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Subject: Amount of randomness? rss

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Jocelyn Robitaille
Canada
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Hey folks,

I've just backed the project two days ago, because the theme is really appealing to me and I saw that funding was uncertain at best. The thing is, I'm still somewhat on the fence about it because I have a hard time gauging the amount of randomness involved.

I'd like to hear a bit more about this from people who've played the game, or are just downright better at analysing games just by reading the rules than I am. Once it's all said and done, how random is this game? Is there usually a large spread between the the scores of the different players, so that being screwed over by luck is a rare thing, or are we looking at a game where the scores are usually pretty close to one another (which kinda makes it a victory based on luck of the draw)? Is there anything else I need to know to judge the actual impact of luck in the game?

As a point of reference, I don't mind "input" randomness (Alien Frontiers, Troyes, Castles of Burgundy) but I have a harder time with "output" randomness (Settlers of Catan).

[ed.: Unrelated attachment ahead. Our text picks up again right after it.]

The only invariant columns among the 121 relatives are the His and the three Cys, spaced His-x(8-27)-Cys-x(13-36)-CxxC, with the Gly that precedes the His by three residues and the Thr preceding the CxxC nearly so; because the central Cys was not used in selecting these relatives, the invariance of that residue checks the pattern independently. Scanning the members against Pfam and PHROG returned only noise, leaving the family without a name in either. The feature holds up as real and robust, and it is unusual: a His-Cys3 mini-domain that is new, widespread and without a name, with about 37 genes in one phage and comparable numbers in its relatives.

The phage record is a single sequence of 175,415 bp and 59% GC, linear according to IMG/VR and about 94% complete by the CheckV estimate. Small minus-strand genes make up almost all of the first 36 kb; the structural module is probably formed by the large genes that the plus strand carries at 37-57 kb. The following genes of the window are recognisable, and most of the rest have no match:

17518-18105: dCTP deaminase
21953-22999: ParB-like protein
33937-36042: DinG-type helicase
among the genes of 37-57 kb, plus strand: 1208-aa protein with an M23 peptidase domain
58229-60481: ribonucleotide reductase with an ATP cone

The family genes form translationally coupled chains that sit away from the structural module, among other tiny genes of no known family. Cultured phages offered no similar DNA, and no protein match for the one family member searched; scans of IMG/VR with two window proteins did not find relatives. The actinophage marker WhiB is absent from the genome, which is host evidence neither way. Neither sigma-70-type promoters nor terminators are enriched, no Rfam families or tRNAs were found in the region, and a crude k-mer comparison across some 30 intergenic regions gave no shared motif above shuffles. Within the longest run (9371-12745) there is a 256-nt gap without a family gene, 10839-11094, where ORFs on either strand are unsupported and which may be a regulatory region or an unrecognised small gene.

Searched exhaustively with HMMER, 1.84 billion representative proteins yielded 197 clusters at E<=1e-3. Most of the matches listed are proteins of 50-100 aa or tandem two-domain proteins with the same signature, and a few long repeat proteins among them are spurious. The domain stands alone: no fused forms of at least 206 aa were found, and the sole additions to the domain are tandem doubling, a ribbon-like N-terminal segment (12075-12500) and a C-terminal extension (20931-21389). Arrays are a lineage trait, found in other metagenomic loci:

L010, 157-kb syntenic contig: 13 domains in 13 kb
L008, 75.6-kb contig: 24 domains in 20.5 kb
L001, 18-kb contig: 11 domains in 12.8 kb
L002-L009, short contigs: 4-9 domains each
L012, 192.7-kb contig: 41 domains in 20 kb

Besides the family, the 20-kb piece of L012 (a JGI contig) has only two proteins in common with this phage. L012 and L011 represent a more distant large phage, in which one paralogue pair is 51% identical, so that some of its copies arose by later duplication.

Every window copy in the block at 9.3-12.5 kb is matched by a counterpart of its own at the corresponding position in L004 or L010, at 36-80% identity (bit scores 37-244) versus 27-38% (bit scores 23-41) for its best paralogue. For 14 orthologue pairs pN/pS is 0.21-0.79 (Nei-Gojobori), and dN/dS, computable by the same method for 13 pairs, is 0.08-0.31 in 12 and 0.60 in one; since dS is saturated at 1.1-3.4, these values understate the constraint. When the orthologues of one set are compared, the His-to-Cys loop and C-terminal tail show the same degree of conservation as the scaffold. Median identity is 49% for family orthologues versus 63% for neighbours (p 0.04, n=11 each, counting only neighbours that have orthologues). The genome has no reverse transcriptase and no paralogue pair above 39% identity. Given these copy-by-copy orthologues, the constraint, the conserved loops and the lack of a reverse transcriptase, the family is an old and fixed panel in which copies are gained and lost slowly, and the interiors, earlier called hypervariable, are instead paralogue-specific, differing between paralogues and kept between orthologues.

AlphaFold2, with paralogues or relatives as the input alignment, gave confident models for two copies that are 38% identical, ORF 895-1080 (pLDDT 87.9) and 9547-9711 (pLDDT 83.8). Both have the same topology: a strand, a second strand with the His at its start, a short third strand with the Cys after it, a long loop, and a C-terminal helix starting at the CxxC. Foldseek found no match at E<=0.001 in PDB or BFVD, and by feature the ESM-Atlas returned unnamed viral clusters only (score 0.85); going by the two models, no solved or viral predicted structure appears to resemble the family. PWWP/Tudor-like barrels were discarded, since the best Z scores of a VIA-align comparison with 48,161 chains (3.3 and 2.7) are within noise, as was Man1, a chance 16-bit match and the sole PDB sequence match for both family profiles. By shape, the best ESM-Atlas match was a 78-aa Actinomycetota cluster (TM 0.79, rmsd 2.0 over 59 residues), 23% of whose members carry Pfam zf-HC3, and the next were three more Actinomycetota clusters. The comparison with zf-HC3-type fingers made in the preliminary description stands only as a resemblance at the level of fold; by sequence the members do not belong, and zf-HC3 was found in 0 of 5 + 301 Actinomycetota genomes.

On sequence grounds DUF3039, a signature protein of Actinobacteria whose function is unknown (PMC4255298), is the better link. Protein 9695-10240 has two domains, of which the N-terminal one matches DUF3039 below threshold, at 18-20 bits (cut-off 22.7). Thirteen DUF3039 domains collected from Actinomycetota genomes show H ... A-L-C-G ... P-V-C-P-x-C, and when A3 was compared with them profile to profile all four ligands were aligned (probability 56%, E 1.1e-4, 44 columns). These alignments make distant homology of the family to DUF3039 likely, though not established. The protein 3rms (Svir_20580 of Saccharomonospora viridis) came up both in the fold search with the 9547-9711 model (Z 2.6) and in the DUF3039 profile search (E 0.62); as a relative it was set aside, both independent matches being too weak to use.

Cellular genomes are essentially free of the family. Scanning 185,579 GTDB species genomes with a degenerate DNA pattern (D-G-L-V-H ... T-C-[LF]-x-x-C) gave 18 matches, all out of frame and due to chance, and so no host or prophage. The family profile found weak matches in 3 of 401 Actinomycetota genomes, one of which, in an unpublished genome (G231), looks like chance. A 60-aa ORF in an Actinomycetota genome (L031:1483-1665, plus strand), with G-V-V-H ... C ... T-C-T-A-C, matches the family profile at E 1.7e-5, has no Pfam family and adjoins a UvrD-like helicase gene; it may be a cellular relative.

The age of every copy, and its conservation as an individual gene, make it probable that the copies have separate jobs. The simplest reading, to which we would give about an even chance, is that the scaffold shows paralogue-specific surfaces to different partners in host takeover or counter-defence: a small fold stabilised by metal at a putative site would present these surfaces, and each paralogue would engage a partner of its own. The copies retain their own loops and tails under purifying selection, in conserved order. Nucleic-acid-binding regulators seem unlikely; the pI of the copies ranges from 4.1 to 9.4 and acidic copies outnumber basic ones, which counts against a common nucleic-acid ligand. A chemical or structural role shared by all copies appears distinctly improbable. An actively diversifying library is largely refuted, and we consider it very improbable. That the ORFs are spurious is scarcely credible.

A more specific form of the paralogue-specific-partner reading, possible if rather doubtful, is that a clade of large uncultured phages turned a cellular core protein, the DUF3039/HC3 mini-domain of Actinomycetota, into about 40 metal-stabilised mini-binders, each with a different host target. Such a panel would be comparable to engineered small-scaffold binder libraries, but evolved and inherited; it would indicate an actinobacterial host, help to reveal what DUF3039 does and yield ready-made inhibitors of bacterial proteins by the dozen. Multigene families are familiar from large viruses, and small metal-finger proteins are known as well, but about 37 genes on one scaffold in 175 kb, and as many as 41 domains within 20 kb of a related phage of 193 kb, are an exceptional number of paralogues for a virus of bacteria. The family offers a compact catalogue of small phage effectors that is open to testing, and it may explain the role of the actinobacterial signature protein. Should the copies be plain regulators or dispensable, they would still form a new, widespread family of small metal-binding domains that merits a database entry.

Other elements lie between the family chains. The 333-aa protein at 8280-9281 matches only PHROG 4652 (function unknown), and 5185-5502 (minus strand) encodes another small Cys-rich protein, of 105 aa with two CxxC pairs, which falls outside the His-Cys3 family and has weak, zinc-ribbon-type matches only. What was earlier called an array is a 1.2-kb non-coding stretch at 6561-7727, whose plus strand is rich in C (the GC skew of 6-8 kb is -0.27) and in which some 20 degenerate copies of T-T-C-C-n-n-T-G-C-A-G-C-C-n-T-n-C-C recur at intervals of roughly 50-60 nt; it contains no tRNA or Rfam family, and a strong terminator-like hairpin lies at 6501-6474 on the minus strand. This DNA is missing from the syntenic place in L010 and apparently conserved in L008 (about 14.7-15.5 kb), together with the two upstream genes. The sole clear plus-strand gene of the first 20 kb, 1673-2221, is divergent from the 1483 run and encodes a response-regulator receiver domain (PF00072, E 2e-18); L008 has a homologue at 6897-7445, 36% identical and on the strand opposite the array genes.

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Xenothon Stelnicki
United States
Gainesville
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Well, you have the luck associated with the range of nuggets in each claim. You have control over this by purchasing better claims and through camp and gear purchases, as can your competitors. You'll see an example of this in Rahdo's videos.

The order of hardship tiles pulled is random, but the allocation of hardships is intentional and the sequence and selection is determined by the players.

The order of auction components coming up is random, but the selection of what you're building and how much you have in your coffers and how much you're will to pay is your decision.